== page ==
In a surprise move, President Donald Trump announced on Sunday that he would nominate Mark Morgan, the former chief of U.S. Border Patrol under President Barack Obama, to serve as the new permanent director of U.S. Immigration and Customs Enforcement (ICE).
“I am pleased to inform all of those that believe in a strong, fair and sound Immigration Policy that Mark Morgan will be joining the Trump Administration as the head of our hard working men and women of ICE,” Trump tweeted. “Mark is a true believer and American Patriot. He will do a great job!”
Morgan had served only six days under Trump before submitting his resignation as head of Border Patrol, one day after Trump signed an executive order mandating the construction of a wall along the U.S.-Mexico border. Morgan has recently made appearances on Fox News, in which he supported the president’s immigration policies.
The former Border Patrol chief told Law & Crime in January that he had been pressured to resign from the position, in part because of his public opposition to the concept of a border wall, the keystone of Trump’s immigration agenda.
Asked by a U.S. Senate committee in November 2016 about Trump’s proposed wall, Morgan said that such a wall would not be “the sole answer,” and that it did not need to cover the full 2,000-mile border between the United States and Mexico.
Morgan has since come around to supporting the administration’s policies on immigration, including the as-yet-unbuilt wall.
“The current administration had decided to go in a different direction since the president was inaugurated,” Morgan said at the time. “The president is correct, and what he’s doing—the wall works, one hundred percent.”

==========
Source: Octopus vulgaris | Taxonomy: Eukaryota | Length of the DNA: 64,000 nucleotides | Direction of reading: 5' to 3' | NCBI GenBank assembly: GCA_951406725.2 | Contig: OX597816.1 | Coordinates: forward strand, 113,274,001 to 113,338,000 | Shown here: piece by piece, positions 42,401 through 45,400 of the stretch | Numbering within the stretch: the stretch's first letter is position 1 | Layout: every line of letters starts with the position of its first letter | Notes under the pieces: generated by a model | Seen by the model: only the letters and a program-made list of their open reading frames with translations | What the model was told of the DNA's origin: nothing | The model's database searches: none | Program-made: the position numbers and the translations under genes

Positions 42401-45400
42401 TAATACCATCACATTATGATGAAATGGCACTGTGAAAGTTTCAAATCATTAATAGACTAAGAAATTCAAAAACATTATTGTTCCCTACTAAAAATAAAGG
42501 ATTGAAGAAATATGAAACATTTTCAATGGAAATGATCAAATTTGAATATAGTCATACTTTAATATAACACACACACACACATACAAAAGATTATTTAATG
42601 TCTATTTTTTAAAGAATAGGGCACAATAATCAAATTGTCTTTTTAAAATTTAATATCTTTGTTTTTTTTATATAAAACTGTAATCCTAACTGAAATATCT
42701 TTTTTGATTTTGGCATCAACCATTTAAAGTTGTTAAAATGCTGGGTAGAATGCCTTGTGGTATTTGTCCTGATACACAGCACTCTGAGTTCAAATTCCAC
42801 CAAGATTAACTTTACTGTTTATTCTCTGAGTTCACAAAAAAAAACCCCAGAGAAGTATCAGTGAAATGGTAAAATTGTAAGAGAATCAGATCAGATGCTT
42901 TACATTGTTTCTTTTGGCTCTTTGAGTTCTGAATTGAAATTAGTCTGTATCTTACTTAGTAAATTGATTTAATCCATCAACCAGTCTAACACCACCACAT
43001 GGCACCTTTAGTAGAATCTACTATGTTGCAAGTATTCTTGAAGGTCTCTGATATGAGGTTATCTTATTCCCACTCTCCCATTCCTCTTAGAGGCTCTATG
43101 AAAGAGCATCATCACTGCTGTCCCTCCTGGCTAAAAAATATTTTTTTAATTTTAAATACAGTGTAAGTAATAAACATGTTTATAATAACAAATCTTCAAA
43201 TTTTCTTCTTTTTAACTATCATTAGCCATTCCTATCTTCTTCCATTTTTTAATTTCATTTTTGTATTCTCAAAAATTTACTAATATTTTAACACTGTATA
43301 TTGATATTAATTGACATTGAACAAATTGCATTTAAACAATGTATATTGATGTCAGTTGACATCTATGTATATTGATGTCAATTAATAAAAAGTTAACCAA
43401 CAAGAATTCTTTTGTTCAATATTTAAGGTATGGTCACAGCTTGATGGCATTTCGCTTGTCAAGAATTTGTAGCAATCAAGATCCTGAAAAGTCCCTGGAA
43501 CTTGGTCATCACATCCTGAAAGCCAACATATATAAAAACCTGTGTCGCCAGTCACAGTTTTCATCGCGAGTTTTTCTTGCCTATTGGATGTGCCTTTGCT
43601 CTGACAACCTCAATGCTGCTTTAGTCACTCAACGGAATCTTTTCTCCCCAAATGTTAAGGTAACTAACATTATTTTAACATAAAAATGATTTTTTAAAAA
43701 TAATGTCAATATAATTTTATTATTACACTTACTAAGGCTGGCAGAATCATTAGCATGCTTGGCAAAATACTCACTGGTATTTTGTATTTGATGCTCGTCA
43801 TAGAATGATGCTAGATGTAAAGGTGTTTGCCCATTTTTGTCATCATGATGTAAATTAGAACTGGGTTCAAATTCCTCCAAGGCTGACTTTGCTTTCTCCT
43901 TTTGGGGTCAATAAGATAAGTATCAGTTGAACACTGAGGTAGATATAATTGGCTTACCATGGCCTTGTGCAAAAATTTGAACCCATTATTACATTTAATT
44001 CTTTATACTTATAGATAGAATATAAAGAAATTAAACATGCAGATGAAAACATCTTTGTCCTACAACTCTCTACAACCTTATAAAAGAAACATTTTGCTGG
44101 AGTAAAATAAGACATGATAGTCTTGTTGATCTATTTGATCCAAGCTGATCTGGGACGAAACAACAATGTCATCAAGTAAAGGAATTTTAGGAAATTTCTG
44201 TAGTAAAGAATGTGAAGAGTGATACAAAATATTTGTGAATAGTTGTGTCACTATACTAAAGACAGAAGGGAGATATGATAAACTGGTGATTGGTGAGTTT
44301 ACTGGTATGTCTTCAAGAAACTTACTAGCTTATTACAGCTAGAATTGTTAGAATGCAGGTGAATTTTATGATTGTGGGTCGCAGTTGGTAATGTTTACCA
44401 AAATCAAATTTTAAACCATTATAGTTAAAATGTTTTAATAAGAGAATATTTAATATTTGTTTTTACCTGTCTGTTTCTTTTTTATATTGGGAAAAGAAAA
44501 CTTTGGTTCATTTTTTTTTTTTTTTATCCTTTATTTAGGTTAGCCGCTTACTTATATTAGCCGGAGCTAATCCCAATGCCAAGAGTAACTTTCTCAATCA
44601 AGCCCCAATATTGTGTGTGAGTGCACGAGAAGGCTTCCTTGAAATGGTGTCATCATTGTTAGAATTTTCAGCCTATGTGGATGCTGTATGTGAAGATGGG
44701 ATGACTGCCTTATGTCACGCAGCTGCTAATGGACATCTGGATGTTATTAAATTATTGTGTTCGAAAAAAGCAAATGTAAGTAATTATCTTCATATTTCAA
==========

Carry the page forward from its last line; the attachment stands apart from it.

In a discussion with Fox News’ Neil Cavuto in January, Morgan told the host that “we need to do it all, including the wall.”
“I agree one hundred percent with what the president is trying to do with al things related to border security,” Morgan said at the time. “It is absolutely, one hundred percent, in my opinion... a national security and humanitarian crisis.”
ICE declined to comment on the nomination, and White House did not immediately respond for clarification on whether Morgan’s nomination has been formally submitted to the Senate.
The nomination is the latest change in senior staff at the Department of Homeland Security, which has endured numerous shakeups in recent months as Trump has grown frustrated by the legal, political and, occasionally, ethical hurdles to implementing his hard-right immigration proposals. Former Homeland Security Secretary Kirstjen Nielsen stepped down in April following numerous reports that Trump felt she was slow-walking his agenda on border security, and Trump pulled the nomination of Ronald Vitiello to lead ICE two days earlier, declaring that he wanted a “tougher” nominee.
“Ron’s a good man,” Trump told reporters at the time. “But we’re going in a tougher direction. We want to go in a tougher direction.”